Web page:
We present a statistical analysis of the distribution of large-scale topographic features on comet 67P/Churyumov-Gerasimenko.We observe that the cumulative cliff height distribution across the surface follows a power law with a slope equal to -1.69 ± 0.02. When this distribution is studied independently for each region, we find a good correlation between the slope of the power law and the orbital erosion rate of the surface. For instance, the Northern hemisphere topography is dominated by structures on the 100 m scale, while the Southern hemisphere topography, illuminated at perihelion, is dominated by 10 m scale terrain features. Our study suggests that the current size of a cliff is controlled not only by material cohesion but also by the dominant erosional process in each region. This observation can be generalized to other comets, where we argue that primitive nuclei are characterized by the presence of large cliffs with a cumulative height-power index equal to or above -1.5, while older, eroded cometary surfaces have a power index equal to or below -2.3. In effect, our model shows that a measure of the topography provides a quantitative assessment of a comet's erosional history, that is, its evolutionary age. © 2017 The Authors Published by Oxford University Press on behalf of the Royal Astronomical Society.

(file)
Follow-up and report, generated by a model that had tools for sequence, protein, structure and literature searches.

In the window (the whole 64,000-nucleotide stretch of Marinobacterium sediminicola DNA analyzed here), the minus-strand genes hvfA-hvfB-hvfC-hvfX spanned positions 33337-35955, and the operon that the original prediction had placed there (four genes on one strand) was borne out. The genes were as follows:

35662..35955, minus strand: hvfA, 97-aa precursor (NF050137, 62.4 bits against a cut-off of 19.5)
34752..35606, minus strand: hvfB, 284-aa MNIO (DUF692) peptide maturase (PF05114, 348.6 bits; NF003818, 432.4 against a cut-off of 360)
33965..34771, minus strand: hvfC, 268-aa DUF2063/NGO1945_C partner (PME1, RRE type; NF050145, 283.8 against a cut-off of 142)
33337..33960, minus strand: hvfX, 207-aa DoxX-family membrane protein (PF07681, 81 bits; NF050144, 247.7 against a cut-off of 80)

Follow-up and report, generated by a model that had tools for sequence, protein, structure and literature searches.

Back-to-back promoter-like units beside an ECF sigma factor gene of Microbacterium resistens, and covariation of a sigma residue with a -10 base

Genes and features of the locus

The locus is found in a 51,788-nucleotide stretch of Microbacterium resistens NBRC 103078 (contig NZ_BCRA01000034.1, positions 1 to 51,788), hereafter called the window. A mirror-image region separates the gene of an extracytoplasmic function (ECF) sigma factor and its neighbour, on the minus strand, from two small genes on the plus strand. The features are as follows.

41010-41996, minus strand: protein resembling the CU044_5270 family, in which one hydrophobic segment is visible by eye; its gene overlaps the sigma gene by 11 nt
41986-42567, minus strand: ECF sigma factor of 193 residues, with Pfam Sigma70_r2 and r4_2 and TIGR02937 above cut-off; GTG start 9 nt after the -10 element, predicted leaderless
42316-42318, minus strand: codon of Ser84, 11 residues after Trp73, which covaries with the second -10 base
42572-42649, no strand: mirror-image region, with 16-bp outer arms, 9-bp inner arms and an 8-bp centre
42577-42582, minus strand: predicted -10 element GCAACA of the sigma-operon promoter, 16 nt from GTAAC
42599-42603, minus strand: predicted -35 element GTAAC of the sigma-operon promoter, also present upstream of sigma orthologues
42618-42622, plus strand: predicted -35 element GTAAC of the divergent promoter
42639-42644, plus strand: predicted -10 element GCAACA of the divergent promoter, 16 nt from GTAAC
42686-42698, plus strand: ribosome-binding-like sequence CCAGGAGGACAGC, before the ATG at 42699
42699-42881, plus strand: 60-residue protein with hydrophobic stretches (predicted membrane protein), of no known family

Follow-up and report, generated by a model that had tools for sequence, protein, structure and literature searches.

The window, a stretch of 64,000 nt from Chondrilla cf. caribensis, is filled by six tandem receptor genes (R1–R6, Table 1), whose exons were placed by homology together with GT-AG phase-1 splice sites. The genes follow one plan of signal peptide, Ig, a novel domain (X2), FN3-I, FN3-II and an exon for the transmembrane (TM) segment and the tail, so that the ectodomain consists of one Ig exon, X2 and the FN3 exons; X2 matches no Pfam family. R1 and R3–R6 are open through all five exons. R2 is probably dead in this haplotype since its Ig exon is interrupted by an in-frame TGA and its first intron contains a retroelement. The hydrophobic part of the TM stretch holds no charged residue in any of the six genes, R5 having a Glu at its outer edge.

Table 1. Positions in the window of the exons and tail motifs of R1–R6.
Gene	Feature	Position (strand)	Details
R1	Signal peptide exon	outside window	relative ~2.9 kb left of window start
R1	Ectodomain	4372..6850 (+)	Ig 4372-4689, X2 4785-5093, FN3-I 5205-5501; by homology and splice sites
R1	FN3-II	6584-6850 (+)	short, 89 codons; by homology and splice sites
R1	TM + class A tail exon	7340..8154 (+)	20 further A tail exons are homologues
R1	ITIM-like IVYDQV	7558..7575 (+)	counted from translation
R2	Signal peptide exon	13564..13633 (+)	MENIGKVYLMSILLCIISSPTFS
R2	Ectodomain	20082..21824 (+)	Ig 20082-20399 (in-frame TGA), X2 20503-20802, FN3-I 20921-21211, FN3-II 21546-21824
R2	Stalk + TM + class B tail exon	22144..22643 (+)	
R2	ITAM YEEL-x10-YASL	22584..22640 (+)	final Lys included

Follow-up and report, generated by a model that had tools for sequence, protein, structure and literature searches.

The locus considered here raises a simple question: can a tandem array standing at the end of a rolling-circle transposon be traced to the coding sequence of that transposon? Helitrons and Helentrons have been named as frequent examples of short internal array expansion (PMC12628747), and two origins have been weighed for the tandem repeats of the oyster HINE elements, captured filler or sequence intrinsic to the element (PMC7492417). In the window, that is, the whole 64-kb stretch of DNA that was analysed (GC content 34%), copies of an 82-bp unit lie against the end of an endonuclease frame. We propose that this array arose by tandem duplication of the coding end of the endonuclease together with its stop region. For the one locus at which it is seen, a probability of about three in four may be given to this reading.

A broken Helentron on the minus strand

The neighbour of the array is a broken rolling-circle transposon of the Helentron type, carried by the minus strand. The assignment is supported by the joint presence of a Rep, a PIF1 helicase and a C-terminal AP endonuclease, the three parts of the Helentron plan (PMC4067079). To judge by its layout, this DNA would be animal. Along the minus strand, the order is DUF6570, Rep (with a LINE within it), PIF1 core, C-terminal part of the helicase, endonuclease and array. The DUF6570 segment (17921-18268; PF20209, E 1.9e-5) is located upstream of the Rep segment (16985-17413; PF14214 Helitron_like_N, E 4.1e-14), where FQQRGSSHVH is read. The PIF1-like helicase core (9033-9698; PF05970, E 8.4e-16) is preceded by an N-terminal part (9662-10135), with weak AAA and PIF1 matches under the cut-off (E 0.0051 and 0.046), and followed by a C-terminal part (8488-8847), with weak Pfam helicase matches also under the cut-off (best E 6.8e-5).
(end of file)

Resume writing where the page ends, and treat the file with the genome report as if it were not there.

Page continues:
Constraints on cometary surface evolution derived from a statistical analysis of 67P's topography

Fulle M.;Bertini I.;Tubiana C.
2017

Abstract

We present a statistical analysis of the distribution of large-scale topographic features on comet 67P/Churyumov-Gerasimenko.We observe that the cumulative cliff height distribution across the surface follows a power law with a slope equal to -1.69 ± 0.02. When this distribution is studied independently for each region, we find a good correlation between the slope of the power law and the orbital erosion rate of the surface. For instance, the Northern hemisphere topography is dominated by structures on the 100 m scale, while the Southern hemisphere topography, illuminated at perihelion, is dominated by 10 m scale terrain features. Our study suggests that the current size of a cliff is controlled not only by material cohesion but also by the dominant erosional process in each region. This observation can be generalized to other comets, where we argue that primitive nuclei are characterized by the presence of large cliffs with a cumulative height-power index equal to or above -1.5, while older, eroded cometary surfaces have a power index equal to or below -2.3. In effect, our model shows that a measure of the topography provides a quantitative assessment of a comet's erosional history, that is, its evolutionary age. © 2017 The Authors Published by Oxford University Press on behalf of the Royal Astronomical Society.
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Utilizza questo identificativo per citare o creare un link a questo documento: https://hdl.handle.net/11367/88418
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